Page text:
3Daniel_Dewey4yI think this is a good point; you may also be interested in Michelle's post about beneficiary groups [http://effective-altruism.com/ea/rw/causes_in_effective_altruism/], my comment about beneficiary subgroups [http://effective-altruism.com/ea/rw/causes_in_effective_altruism/65c], and Michelle's follow-up about finding more effective causes [http://effective-altruism.com/ea/s0/finding_more_effective_causes/].
2davidc4yI guess this thought is probably implicit in a lot of EA, but I'd never quite heard it stated that way. It should be more often! That said, I think it's not quite precise. There's a population missing: humans in the not-quite-far-future (e.g. 100 years from now, which I think is not usually included when people say "far future").
Survey of leaders in the EA community on a range of important topics, like what skills they need and what causes are most effective

Thanks for the response. My main general thought here is just that we shouldn't depend on so much from the reader. Most people, even most thoughtful EAs, won't read in full and come up with all the qualifications on their own, so it's important for article writers to include those themselves, and to include those upfront and center in their articles.

If you wanted to spend a lot of time on "what causes do EA leadership favor," one project I see as potentially really valuable is a list of arguments/evidence and getting EA leaders to vote on their w... (read more)

Survey of leaders in the EA community on a range of important topics, like what skills they need and what causes are most effective

[Disclaimer: Rob, 80k's Director of Research, and I briefly chatted about this on Facebook, but I want to make a comment here because that post is gone and more people will see it here. Also, as a potential conflict-of-interest, I took the survey and work at an organization that's between the animal and far future cause areas.]

This is overall really interesting, and I'm glad the survey was done. But I'm not sure how representative of EA community leaders it really is. I'd take the cause selection section in particular with a big grain of salt, and I wish i... (read more)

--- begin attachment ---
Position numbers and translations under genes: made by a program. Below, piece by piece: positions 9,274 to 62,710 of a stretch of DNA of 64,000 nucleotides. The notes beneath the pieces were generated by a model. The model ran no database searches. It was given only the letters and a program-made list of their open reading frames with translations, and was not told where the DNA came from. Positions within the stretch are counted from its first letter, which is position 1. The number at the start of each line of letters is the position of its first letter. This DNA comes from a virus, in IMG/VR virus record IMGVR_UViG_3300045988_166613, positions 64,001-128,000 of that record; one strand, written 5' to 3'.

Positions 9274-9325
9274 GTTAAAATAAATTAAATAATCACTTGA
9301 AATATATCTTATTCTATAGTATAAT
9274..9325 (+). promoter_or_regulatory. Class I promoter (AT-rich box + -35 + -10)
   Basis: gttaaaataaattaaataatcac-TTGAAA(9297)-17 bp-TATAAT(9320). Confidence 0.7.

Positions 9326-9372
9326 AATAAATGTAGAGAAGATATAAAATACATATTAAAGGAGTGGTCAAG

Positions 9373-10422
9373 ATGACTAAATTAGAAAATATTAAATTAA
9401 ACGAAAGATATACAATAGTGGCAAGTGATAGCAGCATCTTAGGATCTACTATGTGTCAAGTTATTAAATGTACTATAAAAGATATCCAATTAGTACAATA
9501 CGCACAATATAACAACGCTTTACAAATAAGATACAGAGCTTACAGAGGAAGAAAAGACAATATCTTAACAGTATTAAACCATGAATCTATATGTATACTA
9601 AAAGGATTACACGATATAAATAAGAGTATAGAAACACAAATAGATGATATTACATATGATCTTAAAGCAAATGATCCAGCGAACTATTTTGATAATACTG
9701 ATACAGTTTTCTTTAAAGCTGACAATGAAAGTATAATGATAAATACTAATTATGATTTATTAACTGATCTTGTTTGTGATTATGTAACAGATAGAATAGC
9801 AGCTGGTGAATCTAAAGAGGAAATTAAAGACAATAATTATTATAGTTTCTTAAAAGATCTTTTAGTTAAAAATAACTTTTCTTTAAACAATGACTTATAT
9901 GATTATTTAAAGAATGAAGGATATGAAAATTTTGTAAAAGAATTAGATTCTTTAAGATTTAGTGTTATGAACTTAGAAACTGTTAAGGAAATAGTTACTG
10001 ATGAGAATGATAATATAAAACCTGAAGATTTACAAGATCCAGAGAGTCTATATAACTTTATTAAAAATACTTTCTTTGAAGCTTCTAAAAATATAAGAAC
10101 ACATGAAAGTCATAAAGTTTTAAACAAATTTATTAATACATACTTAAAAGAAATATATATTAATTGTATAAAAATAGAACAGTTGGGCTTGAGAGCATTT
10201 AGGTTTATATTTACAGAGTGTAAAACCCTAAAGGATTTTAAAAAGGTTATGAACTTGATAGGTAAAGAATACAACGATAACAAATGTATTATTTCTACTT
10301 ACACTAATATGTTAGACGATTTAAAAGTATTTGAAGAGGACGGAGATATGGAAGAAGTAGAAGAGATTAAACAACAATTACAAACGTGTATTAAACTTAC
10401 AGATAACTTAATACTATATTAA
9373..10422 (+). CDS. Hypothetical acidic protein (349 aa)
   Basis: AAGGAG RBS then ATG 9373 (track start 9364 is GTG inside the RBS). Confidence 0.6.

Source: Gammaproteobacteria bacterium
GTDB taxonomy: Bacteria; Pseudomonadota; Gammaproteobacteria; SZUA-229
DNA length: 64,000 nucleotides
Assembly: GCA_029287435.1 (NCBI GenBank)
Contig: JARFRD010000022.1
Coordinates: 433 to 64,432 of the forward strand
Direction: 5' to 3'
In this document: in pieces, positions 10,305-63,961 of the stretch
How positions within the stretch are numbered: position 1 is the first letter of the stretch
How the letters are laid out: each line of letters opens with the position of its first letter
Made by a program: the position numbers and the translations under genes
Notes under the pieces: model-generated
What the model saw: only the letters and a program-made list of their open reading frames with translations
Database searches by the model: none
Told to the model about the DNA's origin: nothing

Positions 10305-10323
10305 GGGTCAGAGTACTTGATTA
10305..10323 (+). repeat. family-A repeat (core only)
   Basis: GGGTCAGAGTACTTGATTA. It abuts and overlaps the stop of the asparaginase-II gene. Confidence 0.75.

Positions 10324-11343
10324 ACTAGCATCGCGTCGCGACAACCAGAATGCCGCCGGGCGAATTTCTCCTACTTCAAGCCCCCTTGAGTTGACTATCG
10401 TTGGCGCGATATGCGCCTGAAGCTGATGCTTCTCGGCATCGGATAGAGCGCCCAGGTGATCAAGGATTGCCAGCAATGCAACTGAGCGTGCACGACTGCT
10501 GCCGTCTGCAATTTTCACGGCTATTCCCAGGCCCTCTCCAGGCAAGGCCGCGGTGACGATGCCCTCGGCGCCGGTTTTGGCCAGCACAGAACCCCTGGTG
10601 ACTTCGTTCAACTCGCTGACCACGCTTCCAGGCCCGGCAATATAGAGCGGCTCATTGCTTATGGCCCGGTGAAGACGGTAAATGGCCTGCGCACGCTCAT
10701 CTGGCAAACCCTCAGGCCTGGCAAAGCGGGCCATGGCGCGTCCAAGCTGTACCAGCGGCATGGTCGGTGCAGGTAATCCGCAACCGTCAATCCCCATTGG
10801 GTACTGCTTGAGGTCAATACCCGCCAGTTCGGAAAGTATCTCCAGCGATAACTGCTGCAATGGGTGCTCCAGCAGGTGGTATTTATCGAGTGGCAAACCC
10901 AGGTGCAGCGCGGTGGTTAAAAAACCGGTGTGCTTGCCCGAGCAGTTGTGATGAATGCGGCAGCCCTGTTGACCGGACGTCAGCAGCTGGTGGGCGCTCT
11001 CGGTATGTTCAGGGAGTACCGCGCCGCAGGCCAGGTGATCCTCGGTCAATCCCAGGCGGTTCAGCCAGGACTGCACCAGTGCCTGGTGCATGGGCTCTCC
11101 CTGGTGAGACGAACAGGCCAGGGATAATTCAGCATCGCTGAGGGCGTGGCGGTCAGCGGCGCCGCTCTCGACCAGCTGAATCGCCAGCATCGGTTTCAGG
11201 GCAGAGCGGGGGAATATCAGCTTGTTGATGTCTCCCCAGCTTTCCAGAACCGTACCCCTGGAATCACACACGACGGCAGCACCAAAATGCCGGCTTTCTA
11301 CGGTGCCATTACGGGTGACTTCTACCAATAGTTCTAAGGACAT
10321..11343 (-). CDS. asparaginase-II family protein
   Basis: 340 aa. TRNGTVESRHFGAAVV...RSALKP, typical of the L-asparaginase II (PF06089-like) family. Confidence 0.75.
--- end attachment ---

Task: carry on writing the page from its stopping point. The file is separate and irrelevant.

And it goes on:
4Robert_Wiblin4yHey Jacy thanks for the detailed comment - with EA Global London on this weekend I'll have to be brief! :) One partial response is that even if you don't think this is fully representative of the set of all organisation you'd like to have seen surveyed, it's informative about the groups that were. We list the orgs that were surveyed and point out who wasn't near the start of the article so people understand who the answers represent: You can take this information for whatever it's worth! As for who I chose to sample - on any definition there's always going to be some grey area, orgs that almost meet that definition but don't quite. I tried to find all the organisations with full-time staff who i) were a founding part of the EA movement, or, ii) were founded by people who identify strongly as part of the EA community, or, iii) are now mostly led by people who identify more strongly as part of the EA movement than other other community. I think that's a natural grouping and don't view AMF, MfA or CHAI as meeting that definition (though I'd be happy to be corrected if any group does meet this definition whose leadership I'm not personally familiar with). The main problem with that question in my mind is underrepresentation of GiveWell which has a huge budget and is clearly a central EA organisation - the participants from GiveWell gave me one vote to work with but didn't provide quantitative answers, as they didn't have a strong or clear enough view. More generally, people from the sample who specialise in one cause were more inclined to say they didn't have a view on fund which was most effective and so not answer it (which is reasonable but could bias the answers). Personally like you I give more weight to the views of specialist cause priorities researchers working at cause-neutral organisations. They were more likely to answer the question and are singled out in the table with individual votes. Interestingly their results were quite similar to the full sample.
Should EAs think twice before donating to GFI?

As of December 2016, my impression was that ACE wasn't and hadn't shifted towards a hits based or more risk-averse approach. I don't know if this is because they already were more in that direction than Rob thinks, or because they didn't move to the hits based position Rob thinks they currently have.

[I worked for ACE on the board then as a researcher until December 2016. This is just my personal opinion.]